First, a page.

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American society has generally tried to confine private charity and governmental assistance to the ‘deserving’, while insisting that the ‘undeserving poor’ improve their character as a condition for receiving relief. Like many people in our individualistic culture, the poor ultimately blame themselves for their lack of success, and can easily lose whatever self-confidence they have been able to muster. What little public assistance exists is often administered in ways that make it difficult to move back into the world of self-sufficiency, especially when self-sufficiency is defined as a series of exhausting jobs that don’t pay a living wage. The causes of ghetto poverty do not lie in the individual behavior of inner city African Americans, but lie primarily in forces outside their control. It is up to them to do what they humanly can; it is up to the rest of society to change existing programs and create new ones to allow everyone to enjoy a decent standard of living.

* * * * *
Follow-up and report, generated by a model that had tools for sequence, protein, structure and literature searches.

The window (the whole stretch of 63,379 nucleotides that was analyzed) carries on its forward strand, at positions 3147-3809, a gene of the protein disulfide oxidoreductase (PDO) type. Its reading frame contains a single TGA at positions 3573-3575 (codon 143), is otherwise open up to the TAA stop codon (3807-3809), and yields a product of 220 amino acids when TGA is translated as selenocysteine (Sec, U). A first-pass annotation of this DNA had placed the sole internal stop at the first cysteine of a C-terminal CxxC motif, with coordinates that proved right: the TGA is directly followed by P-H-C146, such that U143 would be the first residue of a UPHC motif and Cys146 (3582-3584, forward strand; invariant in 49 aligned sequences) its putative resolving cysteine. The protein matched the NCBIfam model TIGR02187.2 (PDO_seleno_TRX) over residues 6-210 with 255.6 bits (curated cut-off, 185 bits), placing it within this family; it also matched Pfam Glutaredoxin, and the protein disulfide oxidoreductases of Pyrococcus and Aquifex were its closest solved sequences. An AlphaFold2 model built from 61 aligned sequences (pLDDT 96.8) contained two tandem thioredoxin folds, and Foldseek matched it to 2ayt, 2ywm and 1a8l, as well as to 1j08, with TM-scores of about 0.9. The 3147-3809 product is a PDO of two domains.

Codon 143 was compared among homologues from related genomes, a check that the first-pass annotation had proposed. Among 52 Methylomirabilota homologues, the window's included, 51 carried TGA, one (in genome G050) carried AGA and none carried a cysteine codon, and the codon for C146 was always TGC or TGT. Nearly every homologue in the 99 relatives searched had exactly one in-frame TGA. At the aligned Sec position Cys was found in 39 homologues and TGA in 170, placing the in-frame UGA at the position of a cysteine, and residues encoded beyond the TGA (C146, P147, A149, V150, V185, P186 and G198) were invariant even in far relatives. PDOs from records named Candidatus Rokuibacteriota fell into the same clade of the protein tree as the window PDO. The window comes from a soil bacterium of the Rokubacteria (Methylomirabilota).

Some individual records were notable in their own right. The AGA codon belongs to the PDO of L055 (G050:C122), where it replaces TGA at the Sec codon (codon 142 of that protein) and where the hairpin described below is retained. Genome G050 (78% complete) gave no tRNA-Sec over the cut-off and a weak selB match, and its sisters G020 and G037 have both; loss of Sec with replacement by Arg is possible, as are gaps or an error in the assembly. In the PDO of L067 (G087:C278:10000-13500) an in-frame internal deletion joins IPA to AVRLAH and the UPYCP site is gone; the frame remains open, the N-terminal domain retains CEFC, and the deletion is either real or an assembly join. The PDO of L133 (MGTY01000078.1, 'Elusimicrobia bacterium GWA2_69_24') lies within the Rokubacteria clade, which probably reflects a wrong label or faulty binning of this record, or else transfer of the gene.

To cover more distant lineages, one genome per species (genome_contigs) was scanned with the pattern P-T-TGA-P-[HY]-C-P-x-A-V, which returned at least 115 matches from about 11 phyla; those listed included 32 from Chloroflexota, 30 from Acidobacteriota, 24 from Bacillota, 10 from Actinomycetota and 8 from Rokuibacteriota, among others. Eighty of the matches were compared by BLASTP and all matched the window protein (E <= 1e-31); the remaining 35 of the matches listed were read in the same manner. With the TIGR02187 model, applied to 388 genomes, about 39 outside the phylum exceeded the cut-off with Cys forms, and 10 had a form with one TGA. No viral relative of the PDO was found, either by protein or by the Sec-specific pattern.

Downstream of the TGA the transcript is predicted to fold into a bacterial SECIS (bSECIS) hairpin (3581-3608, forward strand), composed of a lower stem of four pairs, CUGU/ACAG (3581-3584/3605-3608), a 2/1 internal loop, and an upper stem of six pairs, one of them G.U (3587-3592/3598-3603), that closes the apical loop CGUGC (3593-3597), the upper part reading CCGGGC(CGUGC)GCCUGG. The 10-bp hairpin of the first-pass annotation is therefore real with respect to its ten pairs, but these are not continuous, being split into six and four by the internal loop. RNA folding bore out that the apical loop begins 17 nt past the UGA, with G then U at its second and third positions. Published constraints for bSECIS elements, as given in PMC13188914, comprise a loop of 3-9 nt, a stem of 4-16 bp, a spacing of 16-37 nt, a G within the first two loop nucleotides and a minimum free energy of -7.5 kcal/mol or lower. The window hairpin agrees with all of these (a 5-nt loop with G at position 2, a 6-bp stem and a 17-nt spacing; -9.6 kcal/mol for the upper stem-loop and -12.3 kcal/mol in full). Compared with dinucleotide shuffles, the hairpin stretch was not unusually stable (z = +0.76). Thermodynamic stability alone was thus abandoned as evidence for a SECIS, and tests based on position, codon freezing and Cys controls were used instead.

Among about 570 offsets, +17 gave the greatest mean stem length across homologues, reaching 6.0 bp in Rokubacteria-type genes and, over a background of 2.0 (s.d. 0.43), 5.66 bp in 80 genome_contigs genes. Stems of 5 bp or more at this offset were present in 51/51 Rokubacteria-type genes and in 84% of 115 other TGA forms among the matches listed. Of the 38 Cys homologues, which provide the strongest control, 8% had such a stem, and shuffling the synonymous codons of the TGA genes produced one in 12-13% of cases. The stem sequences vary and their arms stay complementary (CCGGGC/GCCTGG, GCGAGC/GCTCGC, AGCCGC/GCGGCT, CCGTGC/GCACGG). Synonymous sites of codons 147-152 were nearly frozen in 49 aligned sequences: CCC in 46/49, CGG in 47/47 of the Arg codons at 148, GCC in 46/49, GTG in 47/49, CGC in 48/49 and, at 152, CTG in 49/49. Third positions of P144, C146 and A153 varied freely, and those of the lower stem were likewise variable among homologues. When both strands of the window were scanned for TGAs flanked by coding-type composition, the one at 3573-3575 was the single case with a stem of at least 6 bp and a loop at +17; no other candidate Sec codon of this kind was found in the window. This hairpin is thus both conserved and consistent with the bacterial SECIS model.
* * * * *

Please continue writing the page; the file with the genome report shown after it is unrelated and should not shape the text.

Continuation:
Urban Injustice: How Ghettos Happen by David Hilfiker, M.D., 69, 58, & 128

(via socio-logic)

(Source: twentyfirstcenturyvagabond)

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